One thing I have not seen mentioned is that we really shouldn’t be appending this stuff to Hadcrut4 since prior to 1979 there are as many or more holes in the data. In fact, one could argue that if the Arctic warming claims are true there needs to additional warming added to the 1920-1940s time period. This has been further enhanced by the recent Arctic proxies showing these periods were warmer. They either need to recreate an entire history of Hadcrut4 or none at all.

Now, since they have no data we know this is impossible. So, I guess like Harry we can just make it up. What they have done is open up an argument that the early 20th century could have been warmer than today.

43. Mike Smith says: November 20, 2013 at 7:13 pm
“They are infilling, but not with measured data. They’re infilling with modeled data.”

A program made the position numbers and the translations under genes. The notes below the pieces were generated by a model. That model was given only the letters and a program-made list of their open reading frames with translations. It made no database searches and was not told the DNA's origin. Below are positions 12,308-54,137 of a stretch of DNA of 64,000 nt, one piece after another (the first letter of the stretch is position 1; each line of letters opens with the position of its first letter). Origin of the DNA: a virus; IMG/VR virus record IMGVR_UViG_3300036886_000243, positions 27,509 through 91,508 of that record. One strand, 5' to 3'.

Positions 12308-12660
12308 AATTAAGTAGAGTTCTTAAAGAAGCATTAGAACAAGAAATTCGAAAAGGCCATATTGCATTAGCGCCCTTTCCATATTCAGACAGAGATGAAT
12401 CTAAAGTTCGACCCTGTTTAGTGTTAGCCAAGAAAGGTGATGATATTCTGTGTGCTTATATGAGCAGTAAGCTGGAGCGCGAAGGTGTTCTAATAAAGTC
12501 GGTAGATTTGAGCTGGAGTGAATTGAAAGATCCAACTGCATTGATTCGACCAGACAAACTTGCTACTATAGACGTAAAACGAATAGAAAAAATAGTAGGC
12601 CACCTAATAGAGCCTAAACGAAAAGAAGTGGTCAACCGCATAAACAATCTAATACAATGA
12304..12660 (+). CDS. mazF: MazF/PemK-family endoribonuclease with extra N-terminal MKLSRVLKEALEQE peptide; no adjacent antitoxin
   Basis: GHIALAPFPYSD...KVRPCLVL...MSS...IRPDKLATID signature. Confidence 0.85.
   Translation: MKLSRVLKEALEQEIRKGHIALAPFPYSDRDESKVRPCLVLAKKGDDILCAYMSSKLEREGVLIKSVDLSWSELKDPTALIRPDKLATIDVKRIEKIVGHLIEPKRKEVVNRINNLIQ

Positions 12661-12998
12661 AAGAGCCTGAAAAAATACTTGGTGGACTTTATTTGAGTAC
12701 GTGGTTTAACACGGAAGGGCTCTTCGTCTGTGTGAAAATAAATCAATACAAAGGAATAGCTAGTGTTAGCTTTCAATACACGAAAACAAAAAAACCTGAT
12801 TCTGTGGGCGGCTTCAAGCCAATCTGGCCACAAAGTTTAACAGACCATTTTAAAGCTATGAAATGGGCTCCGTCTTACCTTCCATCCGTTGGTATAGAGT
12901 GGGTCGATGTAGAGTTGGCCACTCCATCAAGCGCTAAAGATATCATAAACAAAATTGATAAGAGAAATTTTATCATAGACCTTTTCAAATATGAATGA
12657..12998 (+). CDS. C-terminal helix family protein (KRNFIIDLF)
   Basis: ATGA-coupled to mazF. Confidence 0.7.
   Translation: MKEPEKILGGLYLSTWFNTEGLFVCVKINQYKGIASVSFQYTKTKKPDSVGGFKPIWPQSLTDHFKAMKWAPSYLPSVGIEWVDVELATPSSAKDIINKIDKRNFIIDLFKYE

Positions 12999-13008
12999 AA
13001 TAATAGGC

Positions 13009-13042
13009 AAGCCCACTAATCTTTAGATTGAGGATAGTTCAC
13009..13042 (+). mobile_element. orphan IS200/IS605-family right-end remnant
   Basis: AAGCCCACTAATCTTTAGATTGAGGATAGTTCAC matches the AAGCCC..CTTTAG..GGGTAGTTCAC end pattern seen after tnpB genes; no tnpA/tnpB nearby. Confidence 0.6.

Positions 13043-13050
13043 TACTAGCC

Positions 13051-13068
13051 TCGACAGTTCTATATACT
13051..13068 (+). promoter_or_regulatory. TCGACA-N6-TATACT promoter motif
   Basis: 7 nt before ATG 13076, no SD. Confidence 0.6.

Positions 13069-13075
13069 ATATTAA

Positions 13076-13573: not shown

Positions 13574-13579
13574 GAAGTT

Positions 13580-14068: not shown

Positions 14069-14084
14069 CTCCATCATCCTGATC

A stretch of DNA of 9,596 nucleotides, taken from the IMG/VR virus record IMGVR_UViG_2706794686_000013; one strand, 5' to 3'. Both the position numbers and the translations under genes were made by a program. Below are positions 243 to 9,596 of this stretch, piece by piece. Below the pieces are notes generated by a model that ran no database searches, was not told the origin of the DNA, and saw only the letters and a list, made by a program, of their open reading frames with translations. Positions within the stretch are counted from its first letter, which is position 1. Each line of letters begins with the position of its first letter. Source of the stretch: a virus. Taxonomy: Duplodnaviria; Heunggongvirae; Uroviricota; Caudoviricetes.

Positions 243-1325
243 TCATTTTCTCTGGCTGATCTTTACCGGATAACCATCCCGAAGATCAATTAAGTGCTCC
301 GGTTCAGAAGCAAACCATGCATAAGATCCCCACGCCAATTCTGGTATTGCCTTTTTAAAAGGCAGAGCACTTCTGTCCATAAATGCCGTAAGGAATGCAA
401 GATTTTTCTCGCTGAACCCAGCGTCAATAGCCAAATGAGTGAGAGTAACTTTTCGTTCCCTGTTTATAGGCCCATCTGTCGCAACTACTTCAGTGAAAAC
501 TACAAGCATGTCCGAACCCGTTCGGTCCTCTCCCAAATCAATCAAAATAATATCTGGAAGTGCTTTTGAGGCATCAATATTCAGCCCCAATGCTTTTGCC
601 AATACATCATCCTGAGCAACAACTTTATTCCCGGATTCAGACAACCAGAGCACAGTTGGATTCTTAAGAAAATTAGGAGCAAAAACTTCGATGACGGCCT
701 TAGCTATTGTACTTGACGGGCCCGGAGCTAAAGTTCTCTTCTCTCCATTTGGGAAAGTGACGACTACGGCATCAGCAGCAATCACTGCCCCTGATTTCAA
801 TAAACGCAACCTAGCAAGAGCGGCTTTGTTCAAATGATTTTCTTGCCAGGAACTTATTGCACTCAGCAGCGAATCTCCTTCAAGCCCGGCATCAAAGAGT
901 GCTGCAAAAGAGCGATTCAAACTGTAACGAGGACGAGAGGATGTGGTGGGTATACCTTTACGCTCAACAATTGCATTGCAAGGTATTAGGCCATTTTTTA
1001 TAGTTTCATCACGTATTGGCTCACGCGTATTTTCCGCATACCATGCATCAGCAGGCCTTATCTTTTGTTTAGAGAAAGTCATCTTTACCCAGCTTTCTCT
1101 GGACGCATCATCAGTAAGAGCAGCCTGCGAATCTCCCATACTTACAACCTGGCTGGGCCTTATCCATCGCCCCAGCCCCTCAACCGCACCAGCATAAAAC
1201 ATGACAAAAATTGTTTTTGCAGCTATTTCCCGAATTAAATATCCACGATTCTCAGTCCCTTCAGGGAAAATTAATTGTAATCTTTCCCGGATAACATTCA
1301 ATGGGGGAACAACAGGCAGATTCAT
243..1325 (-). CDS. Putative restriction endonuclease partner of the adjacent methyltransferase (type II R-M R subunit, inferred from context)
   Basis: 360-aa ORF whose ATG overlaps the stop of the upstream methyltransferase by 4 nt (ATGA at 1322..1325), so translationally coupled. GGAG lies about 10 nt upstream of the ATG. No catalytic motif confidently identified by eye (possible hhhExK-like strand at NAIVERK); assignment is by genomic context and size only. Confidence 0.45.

No, there is no modelled data involved. They make a hybrid using UAH and kriging, which is an interpolation, but the UAH is subtracted out, tho it leaves some effect.

44. MikeN says:

I don’t think you’ve calculated your missing area properly. You need to calculate the surface area not pi r^2.

45. Mike Smith says:

Nick Stokes says:
No, there is no modelled data involved. They make a hybrid using UAH and kriging, which is an interpolation, but the UAH is subtracted out, tho it leaves some effect.

Yep, modeled.

46. It’s very difficult to take anything Robert Way say’s or produces in a paper at face value when he was part of the 97% Consensus paper. What was this guy, who claims he is a serious scientist, thinking about when getting involved with that. All his future work will now be tainted. Nothing he produces in future will be of any real value unless it is thoroughly audited.

That’s not to say he will not be able to produce something of value in future, but he has now put himself in a very very difficult position. He could help himself greatly by denouncing his links to, and involvement with, SS.